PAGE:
Technology as a sector still looks like a buy after a recent rebound, but one chip stock stands out in particular.
While the iShares PHLX Semiconductor ETF
and Nvidia Corp.
have recovered from their May swoons, Advanced Micro Devices Inc.
hasn’t yet fully rebounded. This makes the stock look like one to own, even though it is up 517% since I last suggested it in February 2017, compared with gains of 80% for the S&P 500
and 140% for Nasdaq Composite Index
Let’s take a look at why, and how AMD stacks up against competitors.
Advanced Micro Devices designs central processing units (CPUs) and graphics processing units (GPUs) used in data center servers, PCs and videogame consoles. That makes it a play on two of the biggest trends in tech right now — migration to the cloud and videogame hardware. Historically, the company lagged Intel Corp.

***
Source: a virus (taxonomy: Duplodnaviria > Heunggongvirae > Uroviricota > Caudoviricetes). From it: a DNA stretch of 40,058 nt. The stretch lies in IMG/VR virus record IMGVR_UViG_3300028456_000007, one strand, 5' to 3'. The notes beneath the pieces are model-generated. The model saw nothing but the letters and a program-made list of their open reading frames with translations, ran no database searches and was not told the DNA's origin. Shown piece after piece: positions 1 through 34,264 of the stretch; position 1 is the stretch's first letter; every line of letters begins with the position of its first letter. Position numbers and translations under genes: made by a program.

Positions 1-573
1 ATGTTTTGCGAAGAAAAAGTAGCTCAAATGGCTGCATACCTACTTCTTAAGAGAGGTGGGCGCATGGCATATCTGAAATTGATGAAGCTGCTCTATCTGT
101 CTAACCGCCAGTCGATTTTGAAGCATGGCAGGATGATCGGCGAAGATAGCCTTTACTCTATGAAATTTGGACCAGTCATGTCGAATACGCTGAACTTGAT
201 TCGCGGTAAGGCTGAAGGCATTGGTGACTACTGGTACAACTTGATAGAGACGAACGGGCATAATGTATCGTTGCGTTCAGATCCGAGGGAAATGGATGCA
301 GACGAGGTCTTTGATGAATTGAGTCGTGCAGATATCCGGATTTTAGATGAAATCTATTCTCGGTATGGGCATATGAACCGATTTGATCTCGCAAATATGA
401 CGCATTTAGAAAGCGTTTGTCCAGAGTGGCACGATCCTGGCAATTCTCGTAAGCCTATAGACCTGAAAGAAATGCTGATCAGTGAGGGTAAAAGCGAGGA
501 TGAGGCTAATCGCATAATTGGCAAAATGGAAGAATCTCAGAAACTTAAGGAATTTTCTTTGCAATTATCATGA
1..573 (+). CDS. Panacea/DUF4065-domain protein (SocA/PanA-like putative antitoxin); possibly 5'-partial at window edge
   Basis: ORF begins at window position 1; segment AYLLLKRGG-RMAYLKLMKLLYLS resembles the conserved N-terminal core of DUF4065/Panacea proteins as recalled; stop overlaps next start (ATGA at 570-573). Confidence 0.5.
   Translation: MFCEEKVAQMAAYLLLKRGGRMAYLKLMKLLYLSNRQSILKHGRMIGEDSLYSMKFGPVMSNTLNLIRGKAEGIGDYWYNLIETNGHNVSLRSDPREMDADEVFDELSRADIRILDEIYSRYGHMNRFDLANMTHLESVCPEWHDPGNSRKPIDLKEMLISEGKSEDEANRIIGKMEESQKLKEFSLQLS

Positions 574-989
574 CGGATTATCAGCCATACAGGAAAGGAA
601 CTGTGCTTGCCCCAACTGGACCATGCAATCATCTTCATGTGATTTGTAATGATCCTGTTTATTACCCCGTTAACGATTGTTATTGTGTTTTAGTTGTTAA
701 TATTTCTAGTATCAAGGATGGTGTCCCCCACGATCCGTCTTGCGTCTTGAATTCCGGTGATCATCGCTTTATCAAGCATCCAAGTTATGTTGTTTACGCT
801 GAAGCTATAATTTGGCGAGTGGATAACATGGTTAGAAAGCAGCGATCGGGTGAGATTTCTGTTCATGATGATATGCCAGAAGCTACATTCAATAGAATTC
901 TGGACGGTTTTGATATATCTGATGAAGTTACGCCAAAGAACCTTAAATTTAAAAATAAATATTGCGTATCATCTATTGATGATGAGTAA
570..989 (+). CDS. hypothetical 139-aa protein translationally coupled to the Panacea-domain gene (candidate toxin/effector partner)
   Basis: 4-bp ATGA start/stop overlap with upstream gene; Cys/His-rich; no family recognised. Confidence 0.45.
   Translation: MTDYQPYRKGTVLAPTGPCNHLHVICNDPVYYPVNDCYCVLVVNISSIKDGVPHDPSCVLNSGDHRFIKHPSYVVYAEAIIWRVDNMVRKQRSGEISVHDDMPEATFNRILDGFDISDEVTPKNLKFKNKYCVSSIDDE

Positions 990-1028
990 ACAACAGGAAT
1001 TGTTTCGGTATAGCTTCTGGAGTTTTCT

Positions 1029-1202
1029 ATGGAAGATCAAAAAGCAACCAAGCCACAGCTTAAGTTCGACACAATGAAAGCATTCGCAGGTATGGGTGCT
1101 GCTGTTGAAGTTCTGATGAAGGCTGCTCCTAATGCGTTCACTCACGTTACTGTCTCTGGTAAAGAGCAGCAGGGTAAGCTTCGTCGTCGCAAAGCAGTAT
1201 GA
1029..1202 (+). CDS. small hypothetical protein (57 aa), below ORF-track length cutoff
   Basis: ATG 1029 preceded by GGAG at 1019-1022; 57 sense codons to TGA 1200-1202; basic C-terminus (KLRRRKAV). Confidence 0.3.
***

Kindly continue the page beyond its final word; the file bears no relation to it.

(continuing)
But it has now surpassed its rival because of innovative chip designs and manufacturing issues at Intel.
Over the past few years, AMD has rolled out highly competitive lines of chips, thanks to the leadership of CEO Lisa Su, who took the helm in 2014, says tech analyst Peter Karazeris at Thrivent. This put AMD back in the game. AMD’s EPYC series of processors for servers has been endorsed by broad usage among the main cloud providers — including Amazon Inc.
and Tencent Holdings Ltd
AMD’s Radeon GPUs for gaming hardware and its Ryzen line of chips used in PCs and laptops are equally successful.
Besides better chip design, AMD has pulled ahead by drawing on advanced manufacturing capabilities of Taiwan Semiconductor Manufacturing Co. Ltd.
which can pack more punch in chips through the use of smaller, 7 nanometer transistors. Intel is stuck back at 10 nanometers.